Ground Wires

Ground wires tend to be exposed copper or insulated with green-colored plastic with a distinct yellow stripe. This insulation is a simple safety measure to ensure that no one touches the bare wire by accident.

Ground wires will be attached to the bare metal of the appliance.

This is to protect users should something within the appliance break and leave Leg 1, Leg 2 or the Hot wire touching the metal, the current immediately is redirected from this metal into the ground.

This then trips the breaker to make the appliance safe and free of power.

If you hadn’t guessed already, if L1, L2, or the Hot wire were to touch the metal of an appliance and the user touched said appliance, the current would travel through the conductor and shock the user.

Depending on how much current was passing through, this could be fatal.

There is no current that flows through the ground wire, as it is meant to remove overflow current rather than carry it to an appliance.

Think of it more as a safety precaution over anything else to remove voltage from where it doesn’t belong.

Circling back to Ground Fault Circuit Interrupters (GFCIs), they are another safety precaution that keeps tabs on the current in all of the wires in two- or three-wire circuits.

If the GFCI detects any reduced current, it will shut everything down instantly.

It will shut the circuit down when over 20 mA of current is missing to ensure that any potential danger doesn’t have the chance to escalate.

This missing current could have leaked anywhere. If we’re feeling hopeful, we might assume that the ground wire took it and everyone is safe.

Even though the ground wire removed the danger, the GFCI still sees it as a leakage and shuts the circuit down.

However, if we were feeling a little more sinister, we might worry that the missing current could pass into your body.

As we mentioned earlier, anything over 50 mA can be considered fatal. So, the GFCI has the right idea of shutting everything down.

Currents tend to flow through anything moist or humid and then into the ground.

For this reason, GFCIs are necessary on all outlets found in bathrooms, kitchens, laundry rooms, garages, around pools, outside, and anywhere else where water is expected to be.

Having said this, you don’t always need moist conditions to experience a ground fault. In fact, a fault inside of the appliance can cause this type of fault as well.

GFCIs are always advised to add a layer of protection between you and electrical currents.

Many electrical car charging connectors contain GFCIs. This is because they are almost exclusively used outside, where weather conditions can make them wet.

Moreover, Code states that there must be a GFCI on all 120 volt outlets in a garage.


Home Charging Wiring Guide

Wire is what keeps circuits running. It will be found running from the outlet and the breaker. Depending on what conductor has been used, there will be a different safe size for the wiring.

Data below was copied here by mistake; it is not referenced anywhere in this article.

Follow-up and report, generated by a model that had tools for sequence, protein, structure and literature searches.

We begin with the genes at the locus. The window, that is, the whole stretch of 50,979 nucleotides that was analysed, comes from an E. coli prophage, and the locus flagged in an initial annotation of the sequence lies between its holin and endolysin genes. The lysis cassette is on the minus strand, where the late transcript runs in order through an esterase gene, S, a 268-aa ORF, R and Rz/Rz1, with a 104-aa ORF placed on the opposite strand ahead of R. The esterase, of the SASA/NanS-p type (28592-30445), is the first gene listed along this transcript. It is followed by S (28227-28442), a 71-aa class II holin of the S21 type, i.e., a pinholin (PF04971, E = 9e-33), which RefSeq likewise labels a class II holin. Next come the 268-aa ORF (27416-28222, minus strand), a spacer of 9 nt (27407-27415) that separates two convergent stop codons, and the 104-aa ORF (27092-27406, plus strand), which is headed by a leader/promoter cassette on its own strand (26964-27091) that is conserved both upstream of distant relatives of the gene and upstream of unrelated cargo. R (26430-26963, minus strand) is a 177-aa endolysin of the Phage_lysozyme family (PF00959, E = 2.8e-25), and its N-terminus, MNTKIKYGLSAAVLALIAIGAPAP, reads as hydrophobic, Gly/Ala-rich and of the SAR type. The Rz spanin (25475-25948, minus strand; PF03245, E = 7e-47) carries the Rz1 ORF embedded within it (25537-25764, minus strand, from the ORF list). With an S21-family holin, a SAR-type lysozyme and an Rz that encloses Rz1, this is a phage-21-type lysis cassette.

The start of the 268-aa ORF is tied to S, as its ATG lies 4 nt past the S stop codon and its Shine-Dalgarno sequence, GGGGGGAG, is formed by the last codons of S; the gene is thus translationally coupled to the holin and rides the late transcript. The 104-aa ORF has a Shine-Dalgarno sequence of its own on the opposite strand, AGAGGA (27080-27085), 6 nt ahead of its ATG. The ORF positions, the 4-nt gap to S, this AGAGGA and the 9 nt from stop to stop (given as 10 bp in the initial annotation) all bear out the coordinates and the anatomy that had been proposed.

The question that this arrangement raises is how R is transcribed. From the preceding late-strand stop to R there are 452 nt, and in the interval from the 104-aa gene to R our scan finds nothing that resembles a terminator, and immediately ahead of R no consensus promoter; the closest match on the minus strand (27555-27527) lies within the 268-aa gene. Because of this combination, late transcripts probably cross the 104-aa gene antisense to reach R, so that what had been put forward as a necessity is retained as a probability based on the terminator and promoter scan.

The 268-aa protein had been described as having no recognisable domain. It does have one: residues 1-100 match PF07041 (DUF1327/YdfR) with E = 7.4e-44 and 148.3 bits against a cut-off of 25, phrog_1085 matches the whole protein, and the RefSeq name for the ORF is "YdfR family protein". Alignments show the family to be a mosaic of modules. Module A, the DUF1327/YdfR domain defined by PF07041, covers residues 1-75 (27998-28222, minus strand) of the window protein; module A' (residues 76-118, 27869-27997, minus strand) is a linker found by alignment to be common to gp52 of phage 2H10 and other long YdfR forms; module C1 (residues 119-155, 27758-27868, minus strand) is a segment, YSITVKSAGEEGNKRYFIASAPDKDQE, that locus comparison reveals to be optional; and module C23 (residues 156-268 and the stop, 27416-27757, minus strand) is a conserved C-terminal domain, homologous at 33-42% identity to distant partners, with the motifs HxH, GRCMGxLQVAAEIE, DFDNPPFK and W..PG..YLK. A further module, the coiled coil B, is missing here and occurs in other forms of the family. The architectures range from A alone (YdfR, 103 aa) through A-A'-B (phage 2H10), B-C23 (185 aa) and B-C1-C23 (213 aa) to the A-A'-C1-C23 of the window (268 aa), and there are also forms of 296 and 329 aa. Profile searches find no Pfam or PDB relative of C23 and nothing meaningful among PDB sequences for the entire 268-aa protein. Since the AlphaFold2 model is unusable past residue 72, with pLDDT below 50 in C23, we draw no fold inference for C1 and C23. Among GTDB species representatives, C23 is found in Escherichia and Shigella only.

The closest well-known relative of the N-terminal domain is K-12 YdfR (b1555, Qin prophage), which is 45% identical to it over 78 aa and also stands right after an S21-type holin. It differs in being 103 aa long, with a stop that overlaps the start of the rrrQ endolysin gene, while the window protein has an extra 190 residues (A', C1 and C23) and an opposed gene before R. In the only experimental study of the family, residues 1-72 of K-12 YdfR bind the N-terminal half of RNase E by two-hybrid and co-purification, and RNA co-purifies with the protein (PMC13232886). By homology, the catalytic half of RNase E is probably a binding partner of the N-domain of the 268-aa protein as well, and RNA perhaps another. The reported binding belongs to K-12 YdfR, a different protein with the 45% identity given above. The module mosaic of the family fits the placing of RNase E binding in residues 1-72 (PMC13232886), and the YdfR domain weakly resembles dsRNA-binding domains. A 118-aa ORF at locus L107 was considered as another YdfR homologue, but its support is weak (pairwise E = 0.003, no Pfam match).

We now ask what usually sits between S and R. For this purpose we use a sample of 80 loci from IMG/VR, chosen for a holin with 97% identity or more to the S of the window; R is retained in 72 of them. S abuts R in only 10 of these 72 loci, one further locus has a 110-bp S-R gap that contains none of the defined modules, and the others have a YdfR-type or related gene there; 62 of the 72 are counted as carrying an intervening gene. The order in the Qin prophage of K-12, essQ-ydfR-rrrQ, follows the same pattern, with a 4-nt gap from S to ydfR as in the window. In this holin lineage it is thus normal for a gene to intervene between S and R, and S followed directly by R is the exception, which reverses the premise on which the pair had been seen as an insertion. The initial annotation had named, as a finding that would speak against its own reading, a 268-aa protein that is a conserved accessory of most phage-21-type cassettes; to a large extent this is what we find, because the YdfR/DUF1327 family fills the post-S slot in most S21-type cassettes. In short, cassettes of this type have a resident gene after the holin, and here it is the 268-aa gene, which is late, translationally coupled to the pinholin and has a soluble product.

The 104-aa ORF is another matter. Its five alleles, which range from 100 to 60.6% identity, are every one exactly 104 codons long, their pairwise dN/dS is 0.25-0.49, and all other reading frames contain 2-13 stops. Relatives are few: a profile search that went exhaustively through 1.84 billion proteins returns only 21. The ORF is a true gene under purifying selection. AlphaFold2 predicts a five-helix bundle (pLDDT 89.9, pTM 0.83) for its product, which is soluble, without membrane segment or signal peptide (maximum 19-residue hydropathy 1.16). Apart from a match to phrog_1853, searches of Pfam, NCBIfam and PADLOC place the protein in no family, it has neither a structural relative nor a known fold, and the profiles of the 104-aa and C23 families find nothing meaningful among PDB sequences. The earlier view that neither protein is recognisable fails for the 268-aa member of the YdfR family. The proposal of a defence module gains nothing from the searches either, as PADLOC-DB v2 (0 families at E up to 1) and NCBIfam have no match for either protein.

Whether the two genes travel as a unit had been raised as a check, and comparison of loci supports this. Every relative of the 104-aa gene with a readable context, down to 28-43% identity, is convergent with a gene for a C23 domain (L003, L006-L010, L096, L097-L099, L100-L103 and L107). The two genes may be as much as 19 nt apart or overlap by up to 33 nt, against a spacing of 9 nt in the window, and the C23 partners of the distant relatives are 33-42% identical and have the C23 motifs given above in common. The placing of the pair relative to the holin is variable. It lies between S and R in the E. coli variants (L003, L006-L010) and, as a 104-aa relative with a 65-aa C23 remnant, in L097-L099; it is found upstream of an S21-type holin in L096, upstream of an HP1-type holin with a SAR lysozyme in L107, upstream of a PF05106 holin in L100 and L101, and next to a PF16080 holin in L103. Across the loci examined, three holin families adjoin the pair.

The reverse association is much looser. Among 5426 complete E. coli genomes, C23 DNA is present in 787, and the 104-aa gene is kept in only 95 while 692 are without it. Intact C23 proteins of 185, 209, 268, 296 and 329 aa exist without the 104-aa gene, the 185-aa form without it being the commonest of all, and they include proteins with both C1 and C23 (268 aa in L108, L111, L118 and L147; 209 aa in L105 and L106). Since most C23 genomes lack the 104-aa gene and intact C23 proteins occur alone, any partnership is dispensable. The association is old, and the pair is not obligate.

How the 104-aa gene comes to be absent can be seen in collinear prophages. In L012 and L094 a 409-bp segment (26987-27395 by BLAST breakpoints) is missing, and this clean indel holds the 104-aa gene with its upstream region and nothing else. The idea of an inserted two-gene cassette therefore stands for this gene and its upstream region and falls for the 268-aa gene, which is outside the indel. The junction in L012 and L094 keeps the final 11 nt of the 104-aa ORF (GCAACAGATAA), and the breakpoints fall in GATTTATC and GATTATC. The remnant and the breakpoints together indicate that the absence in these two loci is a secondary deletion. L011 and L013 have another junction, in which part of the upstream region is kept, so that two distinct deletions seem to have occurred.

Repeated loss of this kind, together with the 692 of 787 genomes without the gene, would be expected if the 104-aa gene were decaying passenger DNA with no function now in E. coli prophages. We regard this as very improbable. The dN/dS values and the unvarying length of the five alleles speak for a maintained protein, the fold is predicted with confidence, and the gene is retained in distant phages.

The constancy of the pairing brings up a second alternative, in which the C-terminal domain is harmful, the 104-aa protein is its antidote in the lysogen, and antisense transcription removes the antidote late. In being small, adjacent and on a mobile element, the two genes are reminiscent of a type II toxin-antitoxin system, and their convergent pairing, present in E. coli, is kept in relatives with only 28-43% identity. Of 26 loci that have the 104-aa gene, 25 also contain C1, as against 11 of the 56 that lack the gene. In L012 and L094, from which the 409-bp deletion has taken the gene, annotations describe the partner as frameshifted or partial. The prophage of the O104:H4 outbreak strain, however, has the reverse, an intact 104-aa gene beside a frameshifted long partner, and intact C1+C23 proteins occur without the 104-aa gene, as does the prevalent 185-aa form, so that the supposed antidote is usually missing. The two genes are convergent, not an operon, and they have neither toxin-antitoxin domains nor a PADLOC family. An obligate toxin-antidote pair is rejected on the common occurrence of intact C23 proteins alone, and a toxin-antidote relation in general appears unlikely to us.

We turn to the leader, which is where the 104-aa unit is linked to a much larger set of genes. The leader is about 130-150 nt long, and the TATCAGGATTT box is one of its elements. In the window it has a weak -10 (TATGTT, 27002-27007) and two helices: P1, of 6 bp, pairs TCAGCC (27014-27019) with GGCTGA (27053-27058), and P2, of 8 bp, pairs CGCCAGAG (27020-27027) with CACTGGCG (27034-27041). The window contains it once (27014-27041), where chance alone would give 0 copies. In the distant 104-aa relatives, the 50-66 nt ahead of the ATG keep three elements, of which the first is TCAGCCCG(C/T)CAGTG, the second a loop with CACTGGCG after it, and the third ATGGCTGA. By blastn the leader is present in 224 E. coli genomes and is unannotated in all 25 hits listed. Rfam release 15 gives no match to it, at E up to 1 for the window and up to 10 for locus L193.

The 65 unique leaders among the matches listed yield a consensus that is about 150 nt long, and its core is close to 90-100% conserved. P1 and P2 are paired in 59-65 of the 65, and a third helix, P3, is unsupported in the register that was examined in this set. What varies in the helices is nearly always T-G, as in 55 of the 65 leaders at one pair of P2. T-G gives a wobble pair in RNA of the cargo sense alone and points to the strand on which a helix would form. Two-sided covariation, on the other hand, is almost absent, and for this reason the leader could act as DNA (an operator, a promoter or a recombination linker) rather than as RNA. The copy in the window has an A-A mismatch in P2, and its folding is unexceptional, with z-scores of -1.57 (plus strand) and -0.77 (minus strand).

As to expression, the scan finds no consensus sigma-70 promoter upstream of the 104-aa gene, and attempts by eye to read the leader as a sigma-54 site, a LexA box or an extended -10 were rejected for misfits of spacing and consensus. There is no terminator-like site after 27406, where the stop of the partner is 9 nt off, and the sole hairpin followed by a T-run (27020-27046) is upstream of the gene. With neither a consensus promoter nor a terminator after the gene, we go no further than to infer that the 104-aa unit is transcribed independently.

This also differs due to the maximum current flowing and more.

Material Of Wire

Copper and aluminum are the most common metals to be used for wires. Aluminum is less expensive than copper is, but aluminum wires will need to be wider to withhold the same current as copper.

Moreover, every single attachment in the circuit needs to be certified to be used with aluminum wiring. This includes the breakers and outlets.

Unfortunately, many of these attachments are not rated for use with aluminum wiring.

Finally, you’ll need to take care in applying the right anti-oxidizing substance.

Without using this correctly, or failing to install the aluminum wiring in another way, it can become increasingly dangerous over time, possibly even causing fires or combustion through overheating.

Due to this, we would always recommend using copper wiring for electric vehicle charging. Copper wiring is easier to install and therefore reduces the likelihood of faults.

Type Of Wire

Not only is there the material to think about when it comes to wiring, but there is also the type of wire. There are many types of wire to choose from, primarily different in temperature controlling and insulating properties.

For charging an electrical vehicle, you’d ideally be looking for a wire that can handle at least 165 degrees Fahrenheit more.

The types of wire are categorized in ‘Gauges’. Here is a list of the types of wires and their ampacity.

– #3 Gauge: 100 amps

– #6 Gauge: 65 amps

– #8 Gauge: 50 amps

– #10 Gauge: 30 amps

– #12 Gauge: 20 amps

– #14 Gauge: 15 amps

Even if the Code specifies a current handling for the desired use, you can definitely use a wire with a larger handling. The smaller the number of Gauge means the thicker the wire, meaning it can handle a higher amount of ampacity.

So, a #2 is thicker than a #6. Thicker wire is often preferred, as it loses less power through resistance.

All wires lose some power when the wire heats up. However, as thicker wire does not heat up as quickly, it loses less power than a thinner wire, such as a #14 Gauge.


Conduit is the tube that surrounds electrical wiring to protect it. For smaller circuits with less power running through it, a plastic sheathing will often be used as sufficient protection. For 120 volts, 14/2 and 12/2 plastic sheathing is often used.